In the United States, we’re doing a better job of tracing misinformation about COVID-19 to its source than we are tracking the actual illness. Donald Trump tweets that spread falsehoods come with a disclaimer. QAnon has been pulled up root and branch from Facebook. And now YouTube has banned conspiracy theory videos around a potential COVID-19 vaccine.
The website said it's cracking down on videos that spread the idea that a vaccine to coronavirus is uniquely harmful, deadly, a sterilization scheme, or a vessel to implant microchips in unwitting patients.
“A COVID-19 vaccine may be imminent; therefore, we’re ensuring we have the right policies in place to be able to remove misinformation related to a COVID-19 vaccine,” a representative for YouTube told Variety.
YouTube demonetized channels that promote anti-vax theories last year, hoping to discourage a growing movement of conspiracy theorists who believe that all vaccines are part of an insidious plot by the government, or that materials in vaccines can cause autism in children, both of which have been proven false.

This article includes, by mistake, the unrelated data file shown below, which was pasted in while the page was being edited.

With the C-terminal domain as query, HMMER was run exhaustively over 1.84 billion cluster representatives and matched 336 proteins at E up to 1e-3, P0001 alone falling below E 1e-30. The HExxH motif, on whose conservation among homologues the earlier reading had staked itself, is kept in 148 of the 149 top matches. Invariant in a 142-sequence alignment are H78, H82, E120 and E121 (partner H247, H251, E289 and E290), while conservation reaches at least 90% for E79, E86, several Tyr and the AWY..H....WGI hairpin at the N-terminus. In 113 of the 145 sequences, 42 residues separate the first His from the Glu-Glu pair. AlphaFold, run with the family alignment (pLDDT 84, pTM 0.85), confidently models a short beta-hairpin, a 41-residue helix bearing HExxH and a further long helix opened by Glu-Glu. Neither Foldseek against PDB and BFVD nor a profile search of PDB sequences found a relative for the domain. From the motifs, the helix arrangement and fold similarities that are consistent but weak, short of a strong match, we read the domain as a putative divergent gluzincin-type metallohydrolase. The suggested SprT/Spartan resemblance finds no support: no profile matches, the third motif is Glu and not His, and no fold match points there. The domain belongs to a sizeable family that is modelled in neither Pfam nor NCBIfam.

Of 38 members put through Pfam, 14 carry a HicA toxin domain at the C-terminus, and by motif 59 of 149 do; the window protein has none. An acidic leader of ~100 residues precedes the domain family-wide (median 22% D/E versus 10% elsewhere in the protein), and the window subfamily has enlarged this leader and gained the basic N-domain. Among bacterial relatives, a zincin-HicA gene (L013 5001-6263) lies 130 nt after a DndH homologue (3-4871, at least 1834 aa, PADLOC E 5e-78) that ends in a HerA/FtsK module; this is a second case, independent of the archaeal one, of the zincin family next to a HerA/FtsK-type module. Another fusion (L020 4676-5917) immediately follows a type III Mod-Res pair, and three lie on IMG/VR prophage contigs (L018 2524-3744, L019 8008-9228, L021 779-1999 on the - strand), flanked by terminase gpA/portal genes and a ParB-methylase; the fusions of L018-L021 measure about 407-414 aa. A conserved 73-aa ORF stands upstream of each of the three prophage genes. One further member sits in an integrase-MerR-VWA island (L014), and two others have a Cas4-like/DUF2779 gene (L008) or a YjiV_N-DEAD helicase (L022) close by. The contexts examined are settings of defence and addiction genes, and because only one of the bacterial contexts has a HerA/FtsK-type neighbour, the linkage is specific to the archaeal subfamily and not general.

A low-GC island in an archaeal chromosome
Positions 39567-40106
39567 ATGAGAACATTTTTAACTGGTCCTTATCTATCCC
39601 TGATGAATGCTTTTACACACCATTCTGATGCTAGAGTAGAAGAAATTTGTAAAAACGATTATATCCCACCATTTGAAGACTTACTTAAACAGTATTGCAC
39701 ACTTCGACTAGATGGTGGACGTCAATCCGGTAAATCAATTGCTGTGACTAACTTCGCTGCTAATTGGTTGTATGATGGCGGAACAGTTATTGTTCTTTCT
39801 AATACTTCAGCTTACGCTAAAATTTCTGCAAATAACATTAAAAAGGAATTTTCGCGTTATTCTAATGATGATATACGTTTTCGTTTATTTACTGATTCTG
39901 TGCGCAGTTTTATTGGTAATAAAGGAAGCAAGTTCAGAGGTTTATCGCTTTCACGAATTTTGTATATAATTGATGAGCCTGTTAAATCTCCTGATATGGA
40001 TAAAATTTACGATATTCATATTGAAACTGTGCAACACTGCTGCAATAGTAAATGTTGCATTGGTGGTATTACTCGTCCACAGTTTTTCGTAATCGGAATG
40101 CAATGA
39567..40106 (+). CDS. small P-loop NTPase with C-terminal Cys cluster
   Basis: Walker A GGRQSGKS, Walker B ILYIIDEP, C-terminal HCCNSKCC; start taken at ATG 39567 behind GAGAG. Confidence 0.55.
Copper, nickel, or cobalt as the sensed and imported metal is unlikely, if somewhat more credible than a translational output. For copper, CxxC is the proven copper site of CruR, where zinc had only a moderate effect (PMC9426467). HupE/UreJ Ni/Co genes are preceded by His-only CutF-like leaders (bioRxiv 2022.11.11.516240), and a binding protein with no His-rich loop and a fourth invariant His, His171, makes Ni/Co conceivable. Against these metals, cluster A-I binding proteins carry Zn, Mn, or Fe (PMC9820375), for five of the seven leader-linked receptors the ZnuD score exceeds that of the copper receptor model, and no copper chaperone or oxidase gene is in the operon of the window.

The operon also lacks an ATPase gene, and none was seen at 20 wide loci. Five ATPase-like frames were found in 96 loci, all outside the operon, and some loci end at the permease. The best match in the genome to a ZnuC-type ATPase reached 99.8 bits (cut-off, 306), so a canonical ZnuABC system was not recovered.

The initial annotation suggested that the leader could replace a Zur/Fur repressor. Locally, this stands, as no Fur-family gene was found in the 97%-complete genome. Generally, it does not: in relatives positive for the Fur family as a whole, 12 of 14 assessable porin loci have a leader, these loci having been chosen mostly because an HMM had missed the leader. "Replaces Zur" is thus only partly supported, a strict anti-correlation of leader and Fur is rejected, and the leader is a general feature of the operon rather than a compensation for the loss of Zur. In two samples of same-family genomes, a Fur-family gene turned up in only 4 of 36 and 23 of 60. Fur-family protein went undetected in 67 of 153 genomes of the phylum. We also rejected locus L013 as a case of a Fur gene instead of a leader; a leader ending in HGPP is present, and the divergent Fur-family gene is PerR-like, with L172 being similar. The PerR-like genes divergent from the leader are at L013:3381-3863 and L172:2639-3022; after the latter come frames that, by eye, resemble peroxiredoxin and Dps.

The specific ban on COVID-19 vaccine theories comes after the video-hosting giant already put in place policies against coronavirus information. They claim to have removed over 200,000 videos that either called the virus a hoax or promoted unfounded treatment for the disease.
The move comes after Facebook unleashed a wave of new rules meant to stem the spread of dangerous misinformation on their platform. The social media behemoth ousted QAnon pages, put in place a policy banning Holocaust denial, and stopped accepting ads that discourage people from getting vaccinated.